Celtic Studies Research Unit

Fáilte - Croeso - Degemer mat - Fàilte

Celtic Studies at the then-School of English (now Faculty of English) were established in 2004 at the initiative of prof. Jacek Fisiak, with a selection of courses in matters Celtic offered to students. Later, intensive Irish courses were introduced, which had an enthusiastic uptake from students. A B.A. scheme was launched in 2007, only to be followed 3 years later by a full M.A. programme. With this, Poznań became the only academic centre in Poland offering both B.A. and M.A. programmes in the field of Celtic Studies (details below), a situation which continues until today.

The cover term ‘Celtic’ represents not one single language or literature, but includes a number of related languages and their associated literatures. There are six modern Celtic languages, all of which are classified as minority languages. Of these, teaching in the department focuses mainly on Welsh and Irish, although members of the department also have knowledge and experience of Breton, Scottish Gaelic, Cornish and Manx.

As regards research, our staff have a wide range of interests, not limited to the following:

  • Sociolinguistics of the Celtic languages
  • Preservation and revitalisation of minority languages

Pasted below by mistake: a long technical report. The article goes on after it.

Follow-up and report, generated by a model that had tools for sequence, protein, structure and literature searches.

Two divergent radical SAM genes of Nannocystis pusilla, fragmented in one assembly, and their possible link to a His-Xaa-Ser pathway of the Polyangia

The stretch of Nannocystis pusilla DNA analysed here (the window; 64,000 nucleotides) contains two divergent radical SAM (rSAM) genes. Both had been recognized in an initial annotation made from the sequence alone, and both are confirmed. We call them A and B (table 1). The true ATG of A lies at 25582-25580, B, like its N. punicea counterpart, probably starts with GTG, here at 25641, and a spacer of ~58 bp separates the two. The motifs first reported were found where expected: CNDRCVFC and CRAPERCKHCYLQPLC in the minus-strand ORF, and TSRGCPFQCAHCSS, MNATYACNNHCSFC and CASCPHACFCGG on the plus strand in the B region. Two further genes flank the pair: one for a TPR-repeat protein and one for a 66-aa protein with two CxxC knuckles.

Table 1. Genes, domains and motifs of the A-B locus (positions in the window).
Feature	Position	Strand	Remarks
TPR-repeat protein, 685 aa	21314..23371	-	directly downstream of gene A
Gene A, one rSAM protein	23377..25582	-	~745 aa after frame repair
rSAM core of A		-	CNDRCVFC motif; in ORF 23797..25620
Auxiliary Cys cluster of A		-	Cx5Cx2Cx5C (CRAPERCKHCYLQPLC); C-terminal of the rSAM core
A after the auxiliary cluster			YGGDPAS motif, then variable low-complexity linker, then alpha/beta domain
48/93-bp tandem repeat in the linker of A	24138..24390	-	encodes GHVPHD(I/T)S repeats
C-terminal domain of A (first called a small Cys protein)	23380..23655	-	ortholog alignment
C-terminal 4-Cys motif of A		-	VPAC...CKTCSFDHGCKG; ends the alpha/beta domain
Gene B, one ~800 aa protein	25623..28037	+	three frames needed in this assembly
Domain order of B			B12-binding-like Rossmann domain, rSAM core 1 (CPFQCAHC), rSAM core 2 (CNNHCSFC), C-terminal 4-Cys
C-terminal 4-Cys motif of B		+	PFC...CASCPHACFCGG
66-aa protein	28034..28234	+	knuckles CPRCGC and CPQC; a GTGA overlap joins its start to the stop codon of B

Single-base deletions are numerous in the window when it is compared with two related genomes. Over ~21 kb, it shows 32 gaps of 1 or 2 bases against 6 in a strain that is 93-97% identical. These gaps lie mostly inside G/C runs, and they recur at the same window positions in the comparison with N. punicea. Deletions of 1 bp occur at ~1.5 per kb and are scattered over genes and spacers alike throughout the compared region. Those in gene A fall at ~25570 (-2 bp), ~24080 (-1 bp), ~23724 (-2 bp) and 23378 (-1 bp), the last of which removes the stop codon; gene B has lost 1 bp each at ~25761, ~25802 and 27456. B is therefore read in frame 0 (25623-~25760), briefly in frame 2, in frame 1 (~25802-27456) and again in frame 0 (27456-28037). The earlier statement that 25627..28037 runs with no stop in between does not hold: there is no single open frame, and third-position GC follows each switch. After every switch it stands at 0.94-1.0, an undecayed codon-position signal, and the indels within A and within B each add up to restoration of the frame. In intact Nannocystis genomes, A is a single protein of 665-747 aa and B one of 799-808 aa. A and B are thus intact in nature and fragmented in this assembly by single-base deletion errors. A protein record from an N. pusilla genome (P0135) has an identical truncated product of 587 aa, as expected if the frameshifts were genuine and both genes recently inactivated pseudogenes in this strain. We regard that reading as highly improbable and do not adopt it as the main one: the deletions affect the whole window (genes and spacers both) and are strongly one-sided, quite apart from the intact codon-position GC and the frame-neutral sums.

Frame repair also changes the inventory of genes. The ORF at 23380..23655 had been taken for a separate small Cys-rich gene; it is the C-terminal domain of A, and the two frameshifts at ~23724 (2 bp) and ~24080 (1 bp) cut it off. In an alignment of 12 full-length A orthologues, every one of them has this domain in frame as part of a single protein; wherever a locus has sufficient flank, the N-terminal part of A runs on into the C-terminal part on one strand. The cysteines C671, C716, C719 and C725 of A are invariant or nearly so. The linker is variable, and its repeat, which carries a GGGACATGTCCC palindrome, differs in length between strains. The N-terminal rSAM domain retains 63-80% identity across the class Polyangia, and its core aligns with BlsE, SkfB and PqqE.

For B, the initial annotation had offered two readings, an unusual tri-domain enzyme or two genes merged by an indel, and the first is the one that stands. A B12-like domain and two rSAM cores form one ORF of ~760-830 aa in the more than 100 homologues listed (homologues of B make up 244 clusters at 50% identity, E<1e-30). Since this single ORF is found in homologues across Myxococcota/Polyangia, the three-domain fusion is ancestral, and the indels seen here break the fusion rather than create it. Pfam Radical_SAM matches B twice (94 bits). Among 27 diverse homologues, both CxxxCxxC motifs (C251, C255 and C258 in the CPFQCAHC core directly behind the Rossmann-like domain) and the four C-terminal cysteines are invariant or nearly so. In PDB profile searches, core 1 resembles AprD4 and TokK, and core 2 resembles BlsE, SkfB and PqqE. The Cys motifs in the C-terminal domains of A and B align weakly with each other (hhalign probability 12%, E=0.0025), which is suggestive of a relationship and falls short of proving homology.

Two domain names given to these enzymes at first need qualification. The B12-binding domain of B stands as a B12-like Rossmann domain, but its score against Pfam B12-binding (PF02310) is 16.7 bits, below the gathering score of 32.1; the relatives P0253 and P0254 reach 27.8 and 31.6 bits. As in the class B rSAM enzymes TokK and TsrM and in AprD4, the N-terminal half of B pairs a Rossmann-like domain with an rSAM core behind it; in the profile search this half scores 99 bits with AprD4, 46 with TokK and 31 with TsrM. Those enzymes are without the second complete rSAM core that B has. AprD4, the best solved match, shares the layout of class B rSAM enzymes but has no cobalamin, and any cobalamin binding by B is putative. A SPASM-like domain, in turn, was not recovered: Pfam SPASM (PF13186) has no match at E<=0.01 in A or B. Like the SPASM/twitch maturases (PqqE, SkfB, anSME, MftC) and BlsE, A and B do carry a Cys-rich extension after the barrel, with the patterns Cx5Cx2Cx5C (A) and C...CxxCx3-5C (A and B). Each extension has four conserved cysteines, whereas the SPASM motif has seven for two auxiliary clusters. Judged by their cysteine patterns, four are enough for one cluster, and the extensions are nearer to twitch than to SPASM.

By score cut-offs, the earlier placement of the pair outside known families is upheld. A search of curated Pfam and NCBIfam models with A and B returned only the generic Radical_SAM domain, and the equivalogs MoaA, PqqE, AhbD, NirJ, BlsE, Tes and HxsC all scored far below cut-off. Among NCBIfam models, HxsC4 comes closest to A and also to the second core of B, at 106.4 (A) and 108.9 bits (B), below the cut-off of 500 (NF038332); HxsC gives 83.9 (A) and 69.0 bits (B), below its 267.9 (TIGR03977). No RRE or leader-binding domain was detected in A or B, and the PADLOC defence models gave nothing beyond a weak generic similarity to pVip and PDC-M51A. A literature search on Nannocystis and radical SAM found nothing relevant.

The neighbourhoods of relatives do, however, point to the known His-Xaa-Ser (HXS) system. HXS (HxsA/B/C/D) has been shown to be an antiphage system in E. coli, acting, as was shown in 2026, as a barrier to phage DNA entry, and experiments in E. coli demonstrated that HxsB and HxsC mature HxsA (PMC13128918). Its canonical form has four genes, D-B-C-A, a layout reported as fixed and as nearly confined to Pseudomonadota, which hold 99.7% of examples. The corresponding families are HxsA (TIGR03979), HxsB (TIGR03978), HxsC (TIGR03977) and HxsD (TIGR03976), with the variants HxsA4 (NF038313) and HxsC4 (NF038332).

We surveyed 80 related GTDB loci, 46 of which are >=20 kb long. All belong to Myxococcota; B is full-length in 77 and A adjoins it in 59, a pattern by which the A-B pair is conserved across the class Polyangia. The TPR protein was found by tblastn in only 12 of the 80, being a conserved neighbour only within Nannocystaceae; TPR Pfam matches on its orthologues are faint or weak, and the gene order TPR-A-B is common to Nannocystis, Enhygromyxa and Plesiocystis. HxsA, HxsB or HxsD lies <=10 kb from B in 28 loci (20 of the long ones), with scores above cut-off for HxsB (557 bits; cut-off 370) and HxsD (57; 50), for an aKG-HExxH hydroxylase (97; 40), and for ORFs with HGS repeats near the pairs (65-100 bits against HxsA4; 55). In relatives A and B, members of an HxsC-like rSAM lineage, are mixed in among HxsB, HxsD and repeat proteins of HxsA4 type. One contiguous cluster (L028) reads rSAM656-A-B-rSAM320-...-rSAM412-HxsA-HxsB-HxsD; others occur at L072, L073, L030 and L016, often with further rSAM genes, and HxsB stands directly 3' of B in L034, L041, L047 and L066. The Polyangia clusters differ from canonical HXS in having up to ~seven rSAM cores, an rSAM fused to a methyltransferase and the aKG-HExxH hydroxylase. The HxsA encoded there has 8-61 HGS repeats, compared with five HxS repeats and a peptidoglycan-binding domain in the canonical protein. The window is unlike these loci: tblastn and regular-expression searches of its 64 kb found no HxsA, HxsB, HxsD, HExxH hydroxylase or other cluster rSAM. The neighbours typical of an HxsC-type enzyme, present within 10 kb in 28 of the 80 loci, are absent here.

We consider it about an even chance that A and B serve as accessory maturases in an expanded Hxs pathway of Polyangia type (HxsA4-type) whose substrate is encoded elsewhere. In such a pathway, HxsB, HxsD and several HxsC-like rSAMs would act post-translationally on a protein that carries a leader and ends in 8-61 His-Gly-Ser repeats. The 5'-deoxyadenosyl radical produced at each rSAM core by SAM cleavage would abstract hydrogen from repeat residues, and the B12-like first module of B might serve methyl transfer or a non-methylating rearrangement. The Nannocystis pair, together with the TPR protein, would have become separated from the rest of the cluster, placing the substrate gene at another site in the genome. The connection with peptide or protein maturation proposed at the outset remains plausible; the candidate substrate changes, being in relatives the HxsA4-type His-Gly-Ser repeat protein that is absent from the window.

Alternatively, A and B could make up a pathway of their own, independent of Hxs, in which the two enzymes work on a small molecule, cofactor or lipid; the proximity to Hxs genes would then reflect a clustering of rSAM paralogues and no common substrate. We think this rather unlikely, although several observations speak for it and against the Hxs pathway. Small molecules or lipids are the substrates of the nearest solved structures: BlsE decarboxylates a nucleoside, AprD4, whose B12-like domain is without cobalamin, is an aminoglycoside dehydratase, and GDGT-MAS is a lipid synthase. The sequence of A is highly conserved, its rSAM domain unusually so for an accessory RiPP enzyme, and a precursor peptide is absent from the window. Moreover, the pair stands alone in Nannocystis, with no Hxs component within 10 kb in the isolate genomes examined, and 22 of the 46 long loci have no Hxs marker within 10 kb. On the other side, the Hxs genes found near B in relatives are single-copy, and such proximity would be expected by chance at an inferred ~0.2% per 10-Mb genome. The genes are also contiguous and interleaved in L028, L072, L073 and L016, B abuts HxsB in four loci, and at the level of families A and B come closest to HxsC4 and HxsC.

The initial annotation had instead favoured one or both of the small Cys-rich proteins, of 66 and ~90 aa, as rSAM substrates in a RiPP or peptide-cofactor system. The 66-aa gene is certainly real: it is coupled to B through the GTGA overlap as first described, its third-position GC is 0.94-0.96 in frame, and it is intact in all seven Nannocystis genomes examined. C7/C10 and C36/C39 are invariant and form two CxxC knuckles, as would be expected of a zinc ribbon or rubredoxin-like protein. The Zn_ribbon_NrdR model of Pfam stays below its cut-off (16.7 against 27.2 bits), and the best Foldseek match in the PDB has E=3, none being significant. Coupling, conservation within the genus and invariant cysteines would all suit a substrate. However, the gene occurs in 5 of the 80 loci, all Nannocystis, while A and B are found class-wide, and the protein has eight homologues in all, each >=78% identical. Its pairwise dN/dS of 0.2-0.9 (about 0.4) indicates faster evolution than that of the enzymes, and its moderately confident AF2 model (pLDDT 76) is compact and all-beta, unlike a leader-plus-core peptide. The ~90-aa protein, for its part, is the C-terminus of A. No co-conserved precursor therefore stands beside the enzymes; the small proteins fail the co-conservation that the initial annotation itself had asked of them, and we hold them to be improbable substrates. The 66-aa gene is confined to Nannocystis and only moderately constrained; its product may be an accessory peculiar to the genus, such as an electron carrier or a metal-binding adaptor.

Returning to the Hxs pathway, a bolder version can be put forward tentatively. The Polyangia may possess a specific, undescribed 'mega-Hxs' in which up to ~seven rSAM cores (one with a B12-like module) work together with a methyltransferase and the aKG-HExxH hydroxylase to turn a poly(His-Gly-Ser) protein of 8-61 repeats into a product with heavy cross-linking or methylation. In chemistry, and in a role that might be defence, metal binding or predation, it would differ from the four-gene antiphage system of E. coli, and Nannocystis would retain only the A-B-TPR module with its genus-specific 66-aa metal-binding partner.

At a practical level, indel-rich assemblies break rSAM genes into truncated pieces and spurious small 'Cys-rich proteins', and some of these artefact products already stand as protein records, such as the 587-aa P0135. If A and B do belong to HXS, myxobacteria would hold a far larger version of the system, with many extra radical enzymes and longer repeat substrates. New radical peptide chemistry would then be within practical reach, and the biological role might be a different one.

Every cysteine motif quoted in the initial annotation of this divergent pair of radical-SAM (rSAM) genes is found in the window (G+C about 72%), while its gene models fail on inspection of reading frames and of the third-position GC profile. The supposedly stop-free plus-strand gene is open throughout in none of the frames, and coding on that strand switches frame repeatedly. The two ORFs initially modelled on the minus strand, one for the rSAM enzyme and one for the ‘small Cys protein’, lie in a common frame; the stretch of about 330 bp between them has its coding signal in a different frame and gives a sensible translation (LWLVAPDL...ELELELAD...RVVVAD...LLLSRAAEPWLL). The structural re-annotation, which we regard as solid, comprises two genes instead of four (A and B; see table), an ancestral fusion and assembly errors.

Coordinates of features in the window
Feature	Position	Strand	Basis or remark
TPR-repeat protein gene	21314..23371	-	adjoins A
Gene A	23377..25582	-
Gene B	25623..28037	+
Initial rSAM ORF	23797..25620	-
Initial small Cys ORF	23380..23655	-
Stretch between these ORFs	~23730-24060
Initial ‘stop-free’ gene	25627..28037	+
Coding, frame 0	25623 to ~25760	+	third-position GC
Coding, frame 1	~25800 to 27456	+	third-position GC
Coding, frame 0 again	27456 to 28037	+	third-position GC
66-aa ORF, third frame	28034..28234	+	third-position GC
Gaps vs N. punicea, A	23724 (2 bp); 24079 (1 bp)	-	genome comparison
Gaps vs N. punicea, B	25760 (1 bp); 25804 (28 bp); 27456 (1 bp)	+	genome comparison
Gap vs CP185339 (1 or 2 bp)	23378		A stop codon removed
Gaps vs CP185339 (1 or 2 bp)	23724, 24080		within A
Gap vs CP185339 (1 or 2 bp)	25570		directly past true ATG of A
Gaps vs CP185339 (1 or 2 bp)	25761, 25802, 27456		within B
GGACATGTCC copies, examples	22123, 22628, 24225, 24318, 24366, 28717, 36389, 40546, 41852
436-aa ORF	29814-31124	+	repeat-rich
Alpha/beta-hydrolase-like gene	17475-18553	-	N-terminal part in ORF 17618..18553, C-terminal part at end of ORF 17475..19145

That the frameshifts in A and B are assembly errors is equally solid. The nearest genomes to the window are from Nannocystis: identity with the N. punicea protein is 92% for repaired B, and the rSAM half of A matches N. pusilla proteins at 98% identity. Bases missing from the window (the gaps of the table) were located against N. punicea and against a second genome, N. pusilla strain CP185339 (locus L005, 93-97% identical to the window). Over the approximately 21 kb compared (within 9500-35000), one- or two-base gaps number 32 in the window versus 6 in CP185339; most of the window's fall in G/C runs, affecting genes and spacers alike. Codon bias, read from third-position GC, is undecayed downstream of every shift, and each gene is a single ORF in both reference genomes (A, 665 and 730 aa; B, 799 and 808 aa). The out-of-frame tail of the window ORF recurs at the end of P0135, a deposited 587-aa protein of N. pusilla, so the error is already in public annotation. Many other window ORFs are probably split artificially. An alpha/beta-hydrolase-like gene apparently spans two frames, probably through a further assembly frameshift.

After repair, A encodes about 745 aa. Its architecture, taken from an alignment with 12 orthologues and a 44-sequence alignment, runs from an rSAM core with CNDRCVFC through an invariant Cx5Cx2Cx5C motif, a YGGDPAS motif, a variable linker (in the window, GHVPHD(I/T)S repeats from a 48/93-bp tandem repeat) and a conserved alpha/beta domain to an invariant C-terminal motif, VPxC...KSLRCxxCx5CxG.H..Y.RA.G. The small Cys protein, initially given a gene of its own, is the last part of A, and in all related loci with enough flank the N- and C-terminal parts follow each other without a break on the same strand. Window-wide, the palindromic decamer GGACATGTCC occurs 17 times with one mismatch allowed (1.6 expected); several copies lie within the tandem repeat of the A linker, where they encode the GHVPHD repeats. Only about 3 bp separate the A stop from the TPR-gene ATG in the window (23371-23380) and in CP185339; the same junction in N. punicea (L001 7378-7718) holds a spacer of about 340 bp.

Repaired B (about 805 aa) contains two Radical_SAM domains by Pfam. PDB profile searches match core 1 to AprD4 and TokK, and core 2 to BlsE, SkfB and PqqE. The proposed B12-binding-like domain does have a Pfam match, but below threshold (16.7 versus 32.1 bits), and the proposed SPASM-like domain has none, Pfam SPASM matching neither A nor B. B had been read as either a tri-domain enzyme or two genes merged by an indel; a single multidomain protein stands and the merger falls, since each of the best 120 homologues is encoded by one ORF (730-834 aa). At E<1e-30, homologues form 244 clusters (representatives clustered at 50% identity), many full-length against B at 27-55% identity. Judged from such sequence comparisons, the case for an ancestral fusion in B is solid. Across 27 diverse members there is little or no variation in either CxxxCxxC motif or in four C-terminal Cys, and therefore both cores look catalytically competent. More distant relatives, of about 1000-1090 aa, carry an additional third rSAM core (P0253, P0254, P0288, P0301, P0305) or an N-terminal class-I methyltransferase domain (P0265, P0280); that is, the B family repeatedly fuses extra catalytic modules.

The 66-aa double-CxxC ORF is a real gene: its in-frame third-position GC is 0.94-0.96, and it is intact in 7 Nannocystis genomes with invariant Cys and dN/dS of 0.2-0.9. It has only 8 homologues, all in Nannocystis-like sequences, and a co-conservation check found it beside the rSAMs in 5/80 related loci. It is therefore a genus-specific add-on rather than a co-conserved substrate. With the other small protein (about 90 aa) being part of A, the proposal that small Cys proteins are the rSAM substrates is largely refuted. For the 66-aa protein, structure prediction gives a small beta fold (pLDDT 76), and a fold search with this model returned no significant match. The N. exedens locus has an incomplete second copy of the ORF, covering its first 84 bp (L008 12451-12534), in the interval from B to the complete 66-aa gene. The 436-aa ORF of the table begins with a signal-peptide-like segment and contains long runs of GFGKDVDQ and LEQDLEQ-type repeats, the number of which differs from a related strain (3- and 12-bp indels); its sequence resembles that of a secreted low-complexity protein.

• Welsh semantics
  • Celtic onomastics
  • Teaching Welsh and Irish as second/foreign languages
  • Welsh lexicography
  • Welsh literature
  • History of Wales
  • History of Ireland
  • Irish phonology

The Unit is also active in organising conferences and publications. In October 2014 we hosted the 1st Poznan Conference of Celtic Languages which was highly successful and over the years developed into a biannual event.  Between 2007 and 2013 the department also organised Celtic Satellite Sessions as part of the annual Poznań Linguistic Meetings. The Centre also publishes an open access journal Studia Celtica Posnaniensia, with a wide range of papers covering aspects of Celtic linguistics, literature, history and culture. The CSRU also hosts regular meetings of the Celtic Research Group, with speakers from both Poland and abroad.

Graduates of the Celtic Studies Research Unit have gone on to begin to build successful careers for themselves and have used the knowledge they have learnt in the RU in a variety of ways. Some have appeared widely in Welsh and Irish media, thus strengthening the cultural connections between Poland and the Celtic countries. One of our graduates, Alicja Mańkowska, who is fluent in Irish, regularly appears on the Irish language radio channel, Raidió na Gaeltachta, to talk about Polish culture. With the radio, she is currently organising a Polish-Irish society to bring together the local Irish-speaking community and Polish emigrants. Another of our graduates – Joanna Rybelska – appeared on the Welsh programme “Hwb – Learner Abroad”, talking about her experience of learning Welsh. This is an example of our students not only creating a positive image of Polish people abroad, but also showing the Celtic minorities that we support them in their struggle to preserve their fascinating but endangered languages.